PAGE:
Epigenetics is emerging as an important field in cancer epidemiology that promises to provide insights into gene regulation and facilitate cancer control throughout the cancer care continuum. Increasingly, investigators are incorporating epigenetic analysis into the studies of etiology and outcomes. To understand current progress and trends in the inclusion of epigenetics in cancer epidemiology, we evaluated the published literature and the National Cancer Institute (NCI)–supported research grant awards in this field to identify trends in epigenetics research. We present a summary of the epidemiologic studies in NCI's grant portfolio (from January 2005 through December 2012) and in the scientific literature published during the same period, irrespective of support from the NCI. Blood cells and tumor tissue were the most commonly used biospecimens in these studies, although buccal cells, cervical cells, sputum, and stool samples were also used. DNA methylation profiling was the focus of the majority of studies, but several studies also measured microRNA profiles. We illustrate here the current status of epidemiologic studies that are evaluating epigenetic changes in large populations. The incorporation of epigenomic assessments in cancer epidemiology studies has and is likely to continue to provide important insights into the field of cancer research. Cancer Epidemiol Biomarkers Prev; 23(2); 223–33. ©2013 AACR.

Cancer is both a genetic and epigenetic disease (1). Epigenetics is defined as heritable changes in gene expression that are not the result of changes in the DNA sequence. Four major epigenetic mechanisms are DNA methylation, histone modification, nucleosome remodeling, and microRNAs (miRNAs), which have been shown to play a role in a number of complex diseases, including cancer (2, 3). DNA methylation in particular has been extensively assessed in breast, colon, esophageal, lung, pancreas, ovary, prostate, and other cancers (4–12). Through their effects on genomic stability and gene expression, epigenetic changes influence carcinogenesis from initiation through progression, throughout a person's lifespan, and, in some cases, across generations (13). Epigenetic events that are relevant to cancer risk are believed to occur early in cancer development, thus, may serve as potential “first hits” for tumorigenesis. Epigenetic marks reflect both an individual's genetic background and exposure to different environmental factors, and thus may be useful for understanding the impact of environmental exposures in carcinogenesis (14). Because epigenetic changes occur before or during early tumor development, they can be modulated by diet, drugs, and other external factors such as infectious agents; epigenetic profiling may provide clues to mitigate an individual's risk of cancer (15–17). Mill and Heijmans recently proposed that improved understanding of the mechanism of cancer progression can be understood by studying epigenetics in populations as a part of an integrated functional genomic study (18). Epigenetic changes in comparison with genetic ones are reversible and are acquired in a gradual manner and this feature provides a huge potential for cancer prevention strategies. In addition, therapies targeting epigenetic mechanisms have been shown to modify or inhibit gene expression and some have shown modest effects in clinical research settings.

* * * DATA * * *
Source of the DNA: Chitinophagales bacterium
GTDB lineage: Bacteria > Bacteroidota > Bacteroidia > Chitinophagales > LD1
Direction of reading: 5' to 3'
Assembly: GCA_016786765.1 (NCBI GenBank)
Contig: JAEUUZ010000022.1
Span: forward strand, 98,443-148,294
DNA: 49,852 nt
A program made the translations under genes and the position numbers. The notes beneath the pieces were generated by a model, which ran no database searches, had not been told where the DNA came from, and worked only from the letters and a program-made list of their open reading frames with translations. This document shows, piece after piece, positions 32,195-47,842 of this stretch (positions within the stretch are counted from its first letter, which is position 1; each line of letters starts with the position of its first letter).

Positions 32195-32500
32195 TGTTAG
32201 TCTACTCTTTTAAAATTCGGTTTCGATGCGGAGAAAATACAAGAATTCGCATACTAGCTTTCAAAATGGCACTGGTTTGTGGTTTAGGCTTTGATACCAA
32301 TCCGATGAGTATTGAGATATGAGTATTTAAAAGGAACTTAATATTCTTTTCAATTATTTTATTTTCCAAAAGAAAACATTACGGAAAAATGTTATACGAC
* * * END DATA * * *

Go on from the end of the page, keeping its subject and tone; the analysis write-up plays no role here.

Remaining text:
To understand the current state of the field of epigenetics in cancer epidemiology, we evaluated the research project grant (RPG) awards funded by the National Cancer Institute (NCI) and the published literature in PubMed for trends in epigenetic research in cancer epidemiology across the cancer control continuum in studies conducted in human populations. This report presents a summary of our findings, particularly in the context of studying risk and cancer-relevant exposures, including nutrition and infectious agents, as well as practical matters such as the type of cancers being studied, and the methods and techniques that are both emerging and commonly used. Overall, we sought to present an overview of the progress in the inclusion of epigenetics in cancer epidemiology studies and to identify scientific questions related to epigenetics that cancer epidemiology can address.

Criteria and terms used for identifying cancer epigenetics and epidemiology grants and publications (search strategy and analysis)

NCI-supported RPGs related to epigenetic epidemiology funded from January 1, 2005, to December 31, 2012, were included in the portfolio analysis, and the scientific terms used in analyzing grants in different categories are shown in Table 1. The portfolio was analyzed using NCI's Portfolio Management Application software version 13.4. Search and selection criteria used for the grant proposal to be classified as “epigenetic epidemiology” study were as follows: “One OR more terms from column 1 of Table 1” AND “one OR more terms from column 2 of Table 1 AND “Human.” In addition, the criteria for inclusion of a project in the analysis were as follows: (i) the focus of the project is cancer; (ii) study involves human subjects; (iii) focus of at least one of the specific aims in the project is cancer epigenetics; and (iv) had at least 100 cases. We excluded studies that focused solely on polymorphisms in genes encoding DNA methyltransferases or miRNAs. After applying these criteria and exclusions, 79 RPGs were identified for further analysis. The authors of this report coded the grant abstracts for and analyzed the data by study design, organ site, biospecimen type used, exposure evaluated (if applicable), and method/technology used for epigenetic analysis.